From the Actualising Tendency to Autonomy: How do we Understand and Honour Self-Determinism in Pluralistic, Integrative, and Person-Centred Therapy?
Erin Stevens, Counsellor/Psychotherapist, blogger
A few years ago, in therapy, as I discussed some of the more questionable choices I have made in my life, my therapist said to me ‘You always get to where you need to be, Erin. You might not always take the most orthodox route, but you always get there.’ This was a pivotal statement for me, which fundamentally changed my view of my past, my present, and my future. For the first time, I understood why my therapist never offered advice, told me I was wrong, or made judgements about my actions: he trusted me to get to where I needed to be. Slowly, as I became more able to receive and accept his trust, I grew to trust myself, gain confidence in the choices I make, and forgive myself for the mistakes I have made in the past. I am coming to see everything that I do (and have done) as part of a necessary process of learning and growth. I am more at ease with who I am and the choices I make than I have ever been before.
This prizing of self-determination informs my practice and my way of being at the very deepest level. I am an integrative therapist, and at the core of my philosophical outlook are person-centred principles. Rogers’s notion that the human organism is ever-striving, ever-actualising, resonates deeply with what I understand of my clients’ experiences and the sense I make of my therapist’s reflections on my process. Just as those potatoes in the cellar grew in the best way they could with the conditions they had, I believe that we will take the best route we can see, on the map that we have.
At first glance, a pluralistic approach looks almost indistinguishable from the way I practise as an integrative therapist: I work collaboratively with clients, and I hold the belief that a diverse client population requires a diverse choice of therapeutic approaches. Where pluralism loses me slightly is at the point where pluralistic practitioners begin to talk about ‘client preferences’ driving the therapy—giving advice, offering homework, etc.—in instances where a client asks for those interventions.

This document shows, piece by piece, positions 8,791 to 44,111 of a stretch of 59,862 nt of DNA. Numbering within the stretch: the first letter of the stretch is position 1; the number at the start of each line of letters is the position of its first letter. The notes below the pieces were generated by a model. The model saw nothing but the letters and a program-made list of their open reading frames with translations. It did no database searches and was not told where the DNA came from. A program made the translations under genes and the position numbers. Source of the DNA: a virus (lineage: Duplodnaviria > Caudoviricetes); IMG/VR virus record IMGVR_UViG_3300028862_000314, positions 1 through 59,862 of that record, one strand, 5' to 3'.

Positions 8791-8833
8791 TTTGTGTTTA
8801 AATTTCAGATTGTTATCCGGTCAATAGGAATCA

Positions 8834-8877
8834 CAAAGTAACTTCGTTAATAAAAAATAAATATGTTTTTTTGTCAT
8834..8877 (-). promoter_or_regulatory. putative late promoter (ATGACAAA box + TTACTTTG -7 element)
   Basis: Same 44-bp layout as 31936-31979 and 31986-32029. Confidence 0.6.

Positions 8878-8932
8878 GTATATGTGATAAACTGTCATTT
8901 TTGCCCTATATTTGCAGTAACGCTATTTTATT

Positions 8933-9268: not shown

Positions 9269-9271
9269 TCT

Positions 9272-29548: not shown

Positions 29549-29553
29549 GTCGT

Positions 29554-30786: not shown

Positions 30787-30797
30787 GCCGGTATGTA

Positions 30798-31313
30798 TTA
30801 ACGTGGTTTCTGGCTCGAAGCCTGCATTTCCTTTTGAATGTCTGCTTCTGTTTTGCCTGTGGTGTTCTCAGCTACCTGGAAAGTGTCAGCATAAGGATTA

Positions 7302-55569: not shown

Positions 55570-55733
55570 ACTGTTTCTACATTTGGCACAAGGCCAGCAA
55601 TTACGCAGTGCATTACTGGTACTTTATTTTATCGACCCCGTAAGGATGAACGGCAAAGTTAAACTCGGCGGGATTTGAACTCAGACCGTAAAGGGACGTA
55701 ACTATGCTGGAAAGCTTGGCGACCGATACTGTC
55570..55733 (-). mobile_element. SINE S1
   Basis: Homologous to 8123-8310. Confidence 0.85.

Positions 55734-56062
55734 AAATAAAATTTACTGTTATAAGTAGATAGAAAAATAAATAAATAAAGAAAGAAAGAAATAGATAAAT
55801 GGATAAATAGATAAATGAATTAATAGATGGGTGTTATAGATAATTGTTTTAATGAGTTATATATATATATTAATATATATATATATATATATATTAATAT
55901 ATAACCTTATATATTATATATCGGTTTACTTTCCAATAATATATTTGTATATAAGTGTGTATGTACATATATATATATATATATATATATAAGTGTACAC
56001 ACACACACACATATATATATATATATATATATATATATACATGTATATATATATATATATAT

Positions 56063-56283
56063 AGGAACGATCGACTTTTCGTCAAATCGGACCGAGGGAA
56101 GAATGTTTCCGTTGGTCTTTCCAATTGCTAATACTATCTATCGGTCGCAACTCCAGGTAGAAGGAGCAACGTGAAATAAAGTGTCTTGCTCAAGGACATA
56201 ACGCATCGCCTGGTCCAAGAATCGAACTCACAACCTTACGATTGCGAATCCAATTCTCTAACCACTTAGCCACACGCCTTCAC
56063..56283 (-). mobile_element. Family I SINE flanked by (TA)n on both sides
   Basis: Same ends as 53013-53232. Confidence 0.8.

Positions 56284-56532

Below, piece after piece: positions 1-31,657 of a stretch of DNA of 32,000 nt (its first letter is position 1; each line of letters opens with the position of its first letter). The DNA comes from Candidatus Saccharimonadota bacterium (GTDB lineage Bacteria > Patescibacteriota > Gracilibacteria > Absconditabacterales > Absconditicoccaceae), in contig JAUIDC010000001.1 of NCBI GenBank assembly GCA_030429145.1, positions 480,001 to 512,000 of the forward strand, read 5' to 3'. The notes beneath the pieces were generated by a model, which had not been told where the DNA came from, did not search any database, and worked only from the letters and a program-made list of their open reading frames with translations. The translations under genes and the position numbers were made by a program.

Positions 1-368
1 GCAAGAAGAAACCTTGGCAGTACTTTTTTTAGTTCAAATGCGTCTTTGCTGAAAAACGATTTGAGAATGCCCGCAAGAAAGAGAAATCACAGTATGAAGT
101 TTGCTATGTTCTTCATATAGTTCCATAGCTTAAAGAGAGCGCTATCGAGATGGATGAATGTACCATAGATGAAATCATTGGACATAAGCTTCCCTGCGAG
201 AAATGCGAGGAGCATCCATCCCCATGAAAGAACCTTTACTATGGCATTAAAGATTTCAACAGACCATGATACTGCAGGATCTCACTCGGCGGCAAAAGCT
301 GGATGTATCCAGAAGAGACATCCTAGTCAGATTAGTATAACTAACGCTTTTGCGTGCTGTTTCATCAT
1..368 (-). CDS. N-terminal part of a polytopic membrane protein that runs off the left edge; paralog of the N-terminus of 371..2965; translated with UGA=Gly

There is an interesting power dynamic at play here: the therapist offers power to the client (which is an act of power in itself), then the client can hand it back to the therapist, which might happen for any number of reasons. The therapist then may feel they have permission to act from a position of power or expertise. I think the motivations of both the client and the therapist in this back-and-forth exchange of permission and power require some careful thought.
When a client comes to therapy, they come with their experiences, and the therapist comes with theirs. It is a meeting of two people—a relationship. If the client is asked how they would like the therapist to proceed, the therapist will receive an answer that can be found on the map of routes that the client already has. For this reason, I am unsurprised that ‘advice’ features so highly on clients’ wishlists. Advice is what I wanted and expected too. I didn’t trust myself (look at all those questionable decisions I had made), so advice would be just the ticket. What happened to me instead is that I was invited to experience this different, slightly odd, sometimes infuriating, but curiously comforting new kind of relationship. One where my preconceptions about therapy, and my therapist’s opinions about me, were left at the door, and I was free from the constraints and pressures of all other relational experiences. This was a route that was not yet visible on my map, but I had the opportunity to journey into it anyway.
I think that working from client’s idea of what they want from me as a therapist is likely to have two effects.
First, I feel that we risk narrowing the map available to the client by only offering visible routes. It seems to me that if the map is set aside while the terrain is explored more freely, we might find new areas to explore, and vessels for that exploration, which were not immediately apparent. For me, this perfectly describes the act of entering into a relationship. Perhaps a client will still decide that they wish to take the route they could already see on the map they brought, but their map may be clearer, wider, and the value of their choices reinforced.